Teamwork: Group Dynamics
*Group dynamics in psychology is a study of how people interact in a team.
Having a common goal can lead to the establishment of a strong bond between a group of people. Teamwork can be uneasy at times and it is reasonable to assume that many of us had difficulties and gaps in communication with fellow team members.
Myriad of elements makes up the topic of working in a team. This entry will explore potential shortfalls of group work that can cause the disruption of team dynamics and major strategies to tackle the obstacles.
What disrupts group dynamics?
- Weak leadership. The side effects of poor leadership include blocked creativity, lack of motivation, inability to complete tasks, conflicts between team members and many other stumbling blocks. The art of leadership requires practice and knowledge. As a team member and as a leader, it is crucial to recognise the importance of reliable guidance and work towards its realisation.
- Social loafing. This psychological phenomenon is associated with the behaviour of individuals who tend to put less effort when working with the team. This gap disrupts the dynamics of the team. People who tend to fall into social loafing show better results when they work alone and should be assigned tasks that they can complete on their own.
- Group decision making (groupthink). Groupthink is dangerous when team members try to reach a consensus instead of reaching the ultimate proper solution. This occurrence is misleading and should be recognised by the leader.
- Obstructing ideas is highly demotivating to any group member. To maintain group dynamics, it is fundamental to keep the stream of ideas flowing.
- Unrecognised personal effort. Another symptom of demotivation could be an unrecognised personal effort. The dynamicity of the group must be sustained by positive and constructive relationships between group members that value each other’s time and energy. In contrast to other elements of this list, the unrecognized personal effort is closely linked to personal expectations and situation. Therefore, to benefit from teamwork, one must learn how to work in a team with oneself.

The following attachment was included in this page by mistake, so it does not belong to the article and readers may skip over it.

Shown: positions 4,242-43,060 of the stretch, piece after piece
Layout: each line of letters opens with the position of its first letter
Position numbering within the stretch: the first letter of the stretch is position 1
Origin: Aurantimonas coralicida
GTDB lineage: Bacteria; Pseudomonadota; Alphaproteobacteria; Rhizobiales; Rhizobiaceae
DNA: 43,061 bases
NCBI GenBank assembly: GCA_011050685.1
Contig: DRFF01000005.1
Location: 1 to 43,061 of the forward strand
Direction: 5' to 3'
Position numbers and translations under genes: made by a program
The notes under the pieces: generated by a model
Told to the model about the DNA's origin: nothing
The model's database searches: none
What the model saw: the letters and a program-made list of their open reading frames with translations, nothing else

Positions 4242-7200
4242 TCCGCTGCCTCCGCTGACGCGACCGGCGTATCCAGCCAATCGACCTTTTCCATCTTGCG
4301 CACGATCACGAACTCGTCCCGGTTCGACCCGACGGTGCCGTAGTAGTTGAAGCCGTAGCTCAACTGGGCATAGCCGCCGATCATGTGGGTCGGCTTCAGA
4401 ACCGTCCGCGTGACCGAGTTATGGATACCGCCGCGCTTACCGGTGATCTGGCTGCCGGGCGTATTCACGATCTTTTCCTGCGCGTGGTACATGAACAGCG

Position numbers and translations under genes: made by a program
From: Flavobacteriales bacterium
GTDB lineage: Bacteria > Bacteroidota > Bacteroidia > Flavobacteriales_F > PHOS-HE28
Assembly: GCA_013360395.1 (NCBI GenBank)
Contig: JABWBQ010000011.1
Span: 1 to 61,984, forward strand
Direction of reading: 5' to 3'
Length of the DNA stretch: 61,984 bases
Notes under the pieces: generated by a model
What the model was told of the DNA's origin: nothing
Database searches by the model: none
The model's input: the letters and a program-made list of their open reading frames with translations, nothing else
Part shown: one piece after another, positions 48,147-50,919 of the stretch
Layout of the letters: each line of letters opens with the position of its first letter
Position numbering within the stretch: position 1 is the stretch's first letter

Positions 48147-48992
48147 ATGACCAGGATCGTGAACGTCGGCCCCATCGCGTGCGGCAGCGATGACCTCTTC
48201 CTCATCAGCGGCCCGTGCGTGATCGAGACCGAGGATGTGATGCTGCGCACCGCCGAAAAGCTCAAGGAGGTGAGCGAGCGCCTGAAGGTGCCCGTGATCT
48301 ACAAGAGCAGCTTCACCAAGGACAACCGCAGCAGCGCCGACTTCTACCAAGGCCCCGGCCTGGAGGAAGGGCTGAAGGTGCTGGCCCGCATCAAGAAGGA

- Bad attitude. This is a common disruption of the status quo and it is unavoidable. Rather than keeping at arm’s length team members with the bad attitude, it would be more efficient to cultivate patience and learn something from working with them. If bad attitude and disrespect from other team members make people in the group feel unsafe or uncomfortable, it is always a good idea to inform the objective party.
- Define responsibilities. Each participant of the group must be aware of his/her responsibilities within the group standards. Although it might sound like common sense, group members might skip the step of clearly dividing responsibilities between each other.
- Know your group. Becoming acquainted with everyone from your team will always be a plus. It will be more convenient to spread tasks and establish clear goals.
- Use communication. Teamwork is a great opportunity to open up and search for efficient and creative ways to work with people. Be patient.
- Educate yourself. Trainings are always an advantage when it comes to working with people. It will be a good idea to attend a training related to teamwork. You can check out Dorea Educational Institute’s training “Team Work as a Means for Enhancing Productivity” dedicated to boosting people’s skills and knowledge of working in a team and making it efficient for every group member.
- Be attentive. Look out for lessons you can learn from the teamwork. The team is a small community, it a microcosm of a society. The insights gained from teamwork can be applied to everyday socially related matters. Learn more about common stages of the team’s lifecycle:
- Forming – the group comes together.
- Storming – the members look for like-minded people. Conflicts might arise.
- Norming – the participants begin acting as a whole and form a common goal.
- Performing – the members contribute to complete the task within given criteria
- Adjourning – the group breaks off and depending on the task, waits for a necessary evaluation.
Working with people requires patience and will. It is a skill you can learn and/or enhance. Teamwork can always teach you something new about yourself if you treat it as an opportunity for new insights and experience.
Prepared by Veronika Zhigailova